This intelligent drama inspired Judge Bryan Pope to cast "a pox" on the "naysayers." He's that serious about it.
Our review of Once And Again: The Complete Second Season, published November 30th, 2005, is also available.
"Other people seem safe. I look at their faces and know that was my face. I want to go back there."
As far as network television is concerned, the subject of broken families is the proverbial elephant that plants itself in the middle of a person's living room. The subject is so personal, so painful, so delicate, and so very close to home that nobody seems to have the courage to address it in a mature fashion. Pretend it doesn't exist and—presto!—it doesn't exist. That all changed in 1999, when veteran producers Marshall Herskovitz and Edward Zwickand created Once and Again, a thoughtful and poignant drama about two families struggling to blend.
Facts of the Case
Lily Manning (Sela Ward) and Rick Sammler (Billy Campbell) catch each other's attention in a school parking one morning and, in that brief moment, there's a spark. Or, at the very least, a hint of a spark. Problem is, Rick is divorced, Lily is separated, and they both have lives that are complicated enough without getting tangled up in another romance. Lily runs a bookstore with her well-meaning but prickly sister, Judy (Marin Hinkle), and she is busy raising two daughters, the oldest of which is suffering through the usual insecurities that plague most high schoolers. Rick, meanwhile, is an architect who has two kids of his own. The oldest, Eli (Shane West), is struggling in school and dealing with burgeoning sexuality. The youngest, Jesse (Evan Rachel Wood), is on the verge of becoming a teenager and, more importantly, a young woman. Complicating matters even more are Lily's ex, Jake (Jeffrey Nordling), a boyish cad who harbors hopes of reconciliation, and Rick's sensible ex, Karen (Susanna Thompson), who, three years after the divorce, is blindsided by the thought of Rick continuing with his life.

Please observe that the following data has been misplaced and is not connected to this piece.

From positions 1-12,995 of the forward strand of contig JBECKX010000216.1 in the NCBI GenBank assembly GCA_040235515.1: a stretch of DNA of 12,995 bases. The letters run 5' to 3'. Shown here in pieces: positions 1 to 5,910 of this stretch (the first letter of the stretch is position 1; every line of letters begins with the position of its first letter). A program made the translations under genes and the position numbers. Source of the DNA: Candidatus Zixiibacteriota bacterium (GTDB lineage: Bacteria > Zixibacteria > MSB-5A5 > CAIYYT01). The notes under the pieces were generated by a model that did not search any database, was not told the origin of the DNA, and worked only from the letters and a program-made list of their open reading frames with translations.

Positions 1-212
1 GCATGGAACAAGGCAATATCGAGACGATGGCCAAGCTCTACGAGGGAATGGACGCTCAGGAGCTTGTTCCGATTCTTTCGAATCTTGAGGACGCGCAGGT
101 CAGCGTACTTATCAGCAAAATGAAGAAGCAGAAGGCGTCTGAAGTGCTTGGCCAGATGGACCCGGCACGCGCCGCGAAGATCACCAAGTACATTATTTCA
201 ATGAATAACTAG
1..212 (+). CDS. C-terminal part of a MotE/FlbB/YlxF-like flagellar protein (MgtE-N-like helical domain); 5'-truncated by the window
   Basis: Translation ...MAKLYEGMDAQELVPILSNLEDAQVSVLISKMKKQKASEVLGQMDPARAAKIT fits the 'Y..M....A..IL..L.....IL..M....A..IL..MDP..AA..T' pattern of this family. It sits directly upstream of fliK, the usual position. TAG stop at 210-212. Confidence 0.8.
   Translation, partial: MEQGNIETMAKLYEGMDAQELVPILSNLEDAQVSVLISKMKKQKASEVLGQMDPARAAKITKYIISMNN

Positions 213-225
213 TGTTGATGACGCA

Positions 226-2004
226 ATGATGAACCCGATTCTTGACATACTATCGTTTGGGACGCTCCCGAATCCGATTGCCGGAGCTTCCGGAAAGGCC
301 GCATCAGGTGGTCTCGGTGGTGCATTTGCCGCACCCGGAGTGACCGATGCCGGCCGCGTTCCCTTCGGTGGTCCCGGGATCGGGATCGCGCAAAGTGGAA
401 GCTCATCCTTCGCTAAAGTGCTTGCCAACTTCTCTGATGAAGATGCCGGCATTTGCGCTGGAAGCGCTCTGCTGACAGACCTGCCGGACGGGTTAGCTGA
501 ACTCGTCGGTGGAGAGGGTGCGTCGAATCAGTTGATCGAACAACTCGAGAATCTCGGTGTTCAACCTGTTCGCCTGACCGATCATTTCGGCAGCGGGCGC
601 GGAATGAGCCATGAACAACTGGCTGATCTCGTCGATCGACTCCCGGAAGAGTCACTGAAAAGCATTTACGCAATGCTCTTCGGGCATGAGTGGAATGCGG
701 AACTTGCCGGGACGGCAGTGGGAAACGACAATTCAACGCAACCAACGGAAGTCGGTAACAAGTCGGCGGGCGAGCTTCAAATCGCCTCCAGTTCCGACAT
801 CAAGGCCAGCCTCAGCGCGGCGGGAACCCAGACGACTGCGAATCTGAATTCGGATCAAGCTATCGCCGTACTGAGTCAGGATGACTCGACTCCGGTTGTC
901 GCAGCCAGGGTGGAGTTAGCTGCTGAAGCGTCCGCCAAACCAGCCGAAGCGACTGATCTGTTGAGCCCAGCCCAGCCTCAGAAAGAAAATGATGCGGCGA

While nobody is exactly keen with the idea of Rick and Lily acting on their mutual attraction, the biggest obstacle the couple faces is their own inability to accept the notion that everyone deserves a second shot at happiness. After all, if it almost happened once, then why not again?